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New York Again Reaches Highest Ever Daily Death Toll, But Hospital Rates Continue To Stabilize

Mary Altaffer
A medic of the Elmhurst Hospital Center medical team reacts after stepping outside of the emergency room, Saturday in Queens, N.Y.

Governor Andrew Cuomo announced the highest daily death toll yet, saying on Wednesday 799 New Yorkers died of the coronavirus.

“You’re talking about 799 lives,” said Cuomo, who says he has to bring in additional funeral directors to deal with all of the dead.

“If you ever told me as governor, I’d have to take these actions, I couldn’t even contemplate,” Cuomo said.

The trend of fewer people being admitted to hospitals with the virus continues downward, with 200 people being admitted Wednesday. Cuomo says that’s the lowest number since the “nightmare” began.

But he says it’s not time to ease any of the restrictions on businesses, schools and public gatherings. He says the social distancing is likely the reason why the numbers are starting to go down.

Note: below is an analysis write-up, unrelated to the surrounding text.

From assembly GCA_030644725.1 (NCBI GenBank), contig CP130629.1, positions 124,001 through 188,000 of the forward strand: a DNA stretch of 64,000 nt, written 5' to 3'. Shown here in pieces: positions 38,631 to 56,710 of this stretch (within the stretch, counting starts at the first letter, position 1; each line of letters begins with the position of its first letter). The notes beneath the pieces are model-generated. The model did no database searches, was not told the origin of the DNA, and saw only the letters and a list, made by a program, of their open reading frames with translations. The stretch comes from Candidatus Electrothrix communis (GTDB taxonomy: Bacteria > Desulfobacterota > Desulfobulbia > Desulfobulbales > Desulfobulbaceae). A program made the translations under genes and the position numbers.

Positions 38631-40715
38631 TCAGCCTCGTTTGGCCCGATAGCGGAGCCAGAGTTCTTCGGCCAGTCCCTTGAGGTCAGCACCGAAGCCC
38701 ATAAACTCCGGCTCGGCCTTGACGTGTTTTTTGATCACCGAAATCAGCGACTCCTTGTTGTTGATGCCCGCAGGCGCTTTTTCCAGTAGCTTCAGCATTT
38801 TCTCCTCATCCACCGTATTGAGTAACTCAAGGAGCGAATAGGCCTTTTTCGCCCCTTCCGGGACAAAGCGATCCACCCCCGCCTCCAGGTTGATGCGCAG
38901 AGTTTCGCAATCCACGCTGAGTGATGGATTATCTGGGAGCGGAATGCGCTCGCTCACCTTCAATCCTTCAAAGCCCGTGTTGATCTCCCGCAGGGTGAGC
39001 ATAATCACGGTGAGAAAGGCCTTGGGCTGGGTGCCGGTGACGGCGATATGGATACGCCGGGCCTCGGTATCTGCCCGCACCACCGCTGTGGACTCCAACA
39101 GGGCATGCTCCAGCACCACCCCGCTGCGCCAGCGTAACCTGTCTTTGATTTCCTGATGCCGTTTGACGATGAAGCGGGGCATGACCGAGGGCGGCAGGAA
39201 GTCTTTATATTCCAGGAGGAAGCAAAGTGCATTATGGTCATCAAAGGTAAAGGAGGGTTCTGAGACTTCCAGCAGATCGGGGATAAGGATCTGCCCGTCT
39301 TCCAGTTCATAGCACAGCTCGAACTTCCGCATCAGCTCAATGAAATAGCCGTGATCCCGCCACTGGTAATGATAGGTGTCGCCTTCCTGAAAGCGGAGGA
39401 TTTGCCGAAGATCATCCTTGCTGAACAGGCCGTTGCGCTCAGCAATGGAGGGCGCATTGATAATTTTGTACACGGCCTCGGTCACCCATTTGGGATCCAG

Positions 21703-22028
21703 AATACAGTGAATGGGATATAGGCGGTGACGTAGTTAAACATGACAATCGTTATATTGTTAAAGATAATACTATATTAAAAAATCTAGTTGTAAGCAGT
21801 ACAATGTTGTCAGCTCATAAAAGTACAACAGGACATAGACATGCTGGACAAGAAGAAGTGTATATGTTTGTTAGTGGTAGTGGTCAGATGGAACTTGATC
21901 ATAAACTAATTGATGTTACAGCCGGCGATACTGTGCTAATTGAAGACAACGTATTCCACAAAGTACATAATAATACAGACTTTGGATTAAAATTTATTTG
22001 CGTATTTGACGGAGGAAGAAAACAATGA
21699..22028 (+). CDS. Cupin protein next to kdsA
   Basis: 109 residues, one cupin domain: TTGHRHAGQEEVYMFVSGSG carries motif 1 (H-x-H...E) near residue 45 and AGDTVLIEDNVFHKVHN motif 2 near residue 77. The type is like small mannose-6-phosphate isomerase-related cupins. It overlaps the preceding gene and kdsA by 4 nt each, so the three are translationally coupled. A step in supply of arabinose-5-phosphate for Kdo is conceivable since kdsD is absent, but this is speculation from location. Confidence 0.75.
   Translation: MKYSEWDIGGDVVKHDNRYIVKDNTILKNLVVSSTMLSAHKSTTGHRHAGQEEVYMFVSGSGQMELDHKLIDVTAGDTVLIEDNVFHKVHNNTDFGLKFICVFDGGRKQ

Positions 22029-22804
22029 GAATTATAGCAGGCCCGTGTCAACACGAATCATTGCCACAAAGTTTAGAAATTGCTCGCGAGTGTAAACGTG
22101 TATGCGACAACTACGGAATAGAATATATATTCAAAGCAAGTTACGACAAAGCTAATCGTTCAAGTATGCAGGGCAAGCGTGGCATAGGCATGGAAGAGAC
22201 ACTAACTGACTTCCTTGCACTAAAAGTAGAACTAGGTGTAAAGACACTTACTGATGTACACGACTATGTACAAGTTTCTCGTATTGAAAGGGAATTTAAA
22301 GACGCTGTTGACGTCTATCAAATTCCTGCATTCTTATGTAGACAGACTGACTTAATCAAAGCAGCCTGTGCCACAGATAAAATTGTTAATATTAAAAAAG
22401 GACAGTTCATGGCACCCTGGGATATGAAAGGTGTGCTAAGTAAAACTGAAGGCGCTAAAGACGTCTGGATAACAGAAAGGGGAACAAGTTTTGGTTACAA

The governor says changes will be made later Thursday to the state’s unemployment website and phone system, in hopes of ending what Cuomo admits is the “infuriating” instances where jobless New Yorkers are faced with long wait times or constant busy signals when they try to file for unemployment. His chief of staff, Melissa DeRosa, says the system will be shutting down between 5 p.m. and 7 p.m. Thursday to reboot what is hoped will be a better system.

“It’s streamlined, there are fewer questions,” said DeRosa, who said the new system will require one of the 1,000 people now at the call centers to call back the applicant within 72 hours if any additional information is needed.  

DeRosa says over 800,000 New Yorkers have filed claims for unemployment, and around 600,000 have been processed.

Once someone is successfully signed up for unemployment, the benefits will be paid retroactively to the day when the person lost their job.

Karen has covered state government and politics for New York State Public Radio, a network of 10 New York and Connecticut stations, since 1990. She is also a regular contributor to the statewide public television program about New York State government, New York Now. She appears on the reporter’s roundtable segment, and interviews newsmakers.
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